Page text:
QT SKIFF, ROWING SKIFF, 13' X 45",
75 POUNDS EMPTY
Flat iron skiffs are said to be easy to
draw but very hard to get right. QT is my attempt at a flat
iron skiff. The prototype was built by Paul Krayniak of
Odessa, NY and a photo of his boat is presented below. The
above photo is of Brad Boerger's QT.
I chose a size that will
be easy to cartop and yet ample for two adults. The bottom
is narrow for good rowing but still wide enough to allow
stand-up stability, unlike a dory. The top is wide enough
for good spread of the rowlocks. The result is pronounced
flare at the midsection. But if the flare is carried forward,
the result will be extreme rake at the bow. So I twisted
the first four feet of the side planks to reduce the stem
simple nailed together job from three sheets of 1/4"
plywood. No jigs, no lofting.
This is simple nailed together
job from three sheets of 1/4" plywood. No jigs, no
POWER QT SKIFF, POWER SKIFF, 13' X 45",
90 POUNDS EMPTY
QT has been around as a rowing
skiff for a long time now and each set of QT rowing skiff
plans includes a set of plans for a powered version of QT.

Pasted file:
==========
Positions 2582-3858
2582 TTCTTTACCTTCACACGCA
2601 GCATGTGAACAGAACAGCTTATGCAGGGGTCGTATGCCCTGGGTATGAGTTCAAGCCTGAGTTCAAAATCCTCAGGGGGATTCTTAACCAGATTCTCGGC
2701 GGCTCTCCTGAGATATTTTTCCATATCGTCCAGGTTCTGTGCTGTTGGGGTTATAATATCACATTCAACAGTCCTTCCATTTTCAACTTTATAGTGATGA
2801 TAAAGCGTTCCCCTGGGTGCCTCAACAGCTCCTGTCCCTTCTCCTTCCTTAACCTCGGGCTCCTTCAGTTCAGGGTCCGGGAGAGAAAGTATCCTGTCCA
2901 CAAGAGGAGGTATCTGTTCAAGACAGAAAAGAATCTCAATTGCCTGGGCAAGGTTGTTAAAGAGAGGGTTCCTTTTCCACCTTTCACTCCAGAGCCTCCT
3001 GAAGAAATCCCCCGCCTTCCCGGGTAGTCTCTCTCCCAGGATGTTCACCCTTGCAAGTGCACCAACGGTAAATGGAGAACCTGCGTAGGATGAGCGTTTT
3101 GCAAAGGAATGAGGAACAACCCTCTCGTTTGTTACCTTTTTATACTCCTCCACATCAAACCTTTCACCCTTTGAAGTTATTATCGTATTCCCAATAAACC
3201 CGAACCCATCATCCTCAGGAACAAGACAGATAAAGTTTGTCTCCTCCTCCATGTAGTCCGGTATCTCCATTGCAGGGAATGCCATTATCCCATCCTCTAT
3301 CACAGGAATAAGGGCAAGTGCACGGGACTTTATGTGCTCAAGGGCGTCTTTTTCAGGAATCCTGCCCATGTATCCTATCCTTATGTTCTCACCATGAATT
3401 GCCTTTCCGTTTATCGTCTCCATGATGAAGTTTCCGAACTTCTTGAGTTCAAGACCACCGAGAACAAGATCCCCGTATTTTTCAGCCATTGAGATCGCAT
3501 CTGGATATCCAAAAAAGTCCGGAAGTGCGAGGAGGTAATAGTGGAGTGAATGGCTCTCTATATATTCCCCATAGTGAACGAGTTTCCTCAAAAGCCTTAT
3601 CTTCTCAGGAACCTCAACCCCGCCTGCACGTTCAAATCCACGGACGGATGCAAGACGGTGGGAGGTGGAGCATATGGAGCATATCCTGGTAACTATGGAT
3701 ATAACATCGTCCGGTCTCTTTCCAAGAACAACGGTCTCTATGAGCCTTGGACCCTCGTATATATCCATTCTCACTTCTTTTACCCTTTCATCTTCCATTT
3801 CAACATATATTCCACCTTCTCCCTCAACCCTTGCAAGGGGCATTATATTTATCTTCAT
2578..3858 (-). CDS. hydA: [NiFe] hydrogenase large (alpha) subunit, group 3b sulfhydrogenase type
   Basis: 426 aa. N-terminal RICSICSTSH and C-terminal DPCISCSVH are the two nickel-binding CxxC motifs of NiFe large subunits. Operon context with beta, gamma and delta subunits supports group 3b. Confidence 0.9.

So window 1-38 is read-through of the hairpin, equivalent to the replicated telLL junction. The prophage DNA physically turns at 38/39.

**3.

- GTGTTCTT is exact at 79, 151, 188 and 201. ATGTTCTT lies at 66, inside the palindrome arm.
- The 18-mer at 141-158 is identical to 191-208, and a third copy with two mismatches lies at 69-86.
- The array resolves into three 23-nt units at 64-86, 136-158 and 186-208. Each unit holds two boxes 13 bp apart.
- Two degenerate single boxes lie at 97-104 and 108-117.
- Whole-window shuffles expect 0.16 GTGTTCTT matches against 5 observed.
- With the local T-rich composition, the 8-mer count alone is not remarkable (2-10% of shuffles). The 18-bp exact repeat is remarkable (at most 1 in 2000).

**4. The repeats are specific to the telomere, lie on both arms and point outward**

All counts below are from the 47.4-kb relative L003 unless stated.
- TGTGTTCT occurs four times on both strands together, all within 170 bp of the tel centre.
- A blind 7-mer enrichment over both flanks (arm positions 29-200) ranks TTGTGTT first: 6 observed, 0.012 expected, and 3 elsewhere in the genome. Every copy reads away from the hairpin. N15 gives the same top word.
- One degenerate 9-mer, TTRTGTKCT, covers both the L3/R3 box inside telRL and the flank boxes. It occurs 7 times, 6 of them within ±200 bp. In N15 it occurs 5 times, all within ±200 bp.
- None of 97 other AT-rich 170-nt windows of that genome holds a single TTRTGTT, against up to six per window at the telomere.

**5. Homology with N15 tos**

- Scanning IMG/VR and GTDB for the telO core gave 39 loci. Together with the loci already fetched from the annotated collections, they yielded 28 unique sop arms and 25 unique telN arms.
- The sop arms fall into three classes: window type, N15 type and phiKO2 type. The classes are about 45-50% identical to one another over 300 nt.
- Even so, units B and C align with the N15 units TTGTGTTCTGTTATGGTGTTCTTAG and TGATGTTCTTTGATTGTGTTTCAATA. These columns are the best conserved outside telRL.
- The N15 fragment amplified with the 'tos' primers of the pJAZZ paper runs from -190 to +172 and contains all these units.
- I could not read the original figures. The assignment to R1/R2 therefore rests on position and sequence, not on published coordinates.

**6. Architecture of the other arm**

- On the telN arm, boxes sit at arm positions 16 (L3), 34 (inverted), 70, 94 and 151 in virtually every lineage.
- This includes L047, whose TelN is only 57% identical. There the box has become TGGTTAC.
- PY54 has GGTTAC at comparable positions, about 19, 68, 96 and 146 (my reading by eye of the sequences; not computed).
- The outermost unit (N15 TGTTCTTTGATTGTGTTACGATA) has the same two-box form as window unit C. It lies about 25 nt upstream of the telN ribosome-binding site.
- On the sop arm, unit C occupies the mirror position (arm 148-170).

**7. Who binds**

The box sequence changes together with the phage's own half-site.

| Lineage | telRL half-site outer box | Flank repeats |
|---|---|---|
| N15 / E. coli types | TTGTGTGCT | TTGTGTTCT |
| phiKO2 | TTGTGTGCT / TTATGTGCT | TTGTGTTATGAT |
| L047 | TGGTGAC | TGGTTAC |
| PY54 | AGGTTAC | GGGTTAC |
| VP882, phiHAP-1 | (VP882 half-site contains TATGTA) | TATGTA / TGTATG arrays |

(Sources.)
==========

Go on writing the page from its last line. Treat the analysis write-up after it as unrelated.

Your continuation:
I just got photos of a completed power version of QT from
Barron Wester of Smyrna, Ga. The photo shows him in his
local waters using a 2.5 hp outboard.
The power QT is nearly identical
to the rowing QT except that its bottom runs straight aft
from the maximum beam, a "straight run" as they
say, with no rocker in the stern at all. This is critical
in a power boat that will be getting some dynamic lift from
its speed over the water (unlike the rowing version whose
lift all comes from "displacement" of the surrounding
water as the boat sinks to a level where its weight equals
the weight of the water it has "displaced"). I
think there are two reasons why the straight run is critical
for a power boat. One is that as the boat speeds up it tries
to climb over its own bow wave and as it does so it lifts
its bow. The boat must have a lot of stern volume or else
it will bury deeply at the stern and its bow will point
to the sky alarmingly. The second reason is that with the
typical outboard motor arrangement, most of the boat's weight
is concentrated in the stern, the skipper's weight being
usually the largest item. Even with no motion a good rowing
boat with its fine stern lines can't handle that weight
back there - its bow would point skyward and its stern dangerously
close to swamping even without starting the motor. The upshot
of this is that a good rowing boat can never be a good power
boat, and a good power boat can never be a good rowing boat.
By the way, power QT would
be limited to about 5hp (maybe less) by the Coast Guard
recommendations, and mine too. If you are lightweight it
may plane with that power.
Simple nail and glue construction
from three sheets of plywood for either version of QT. No
jigs or lofting.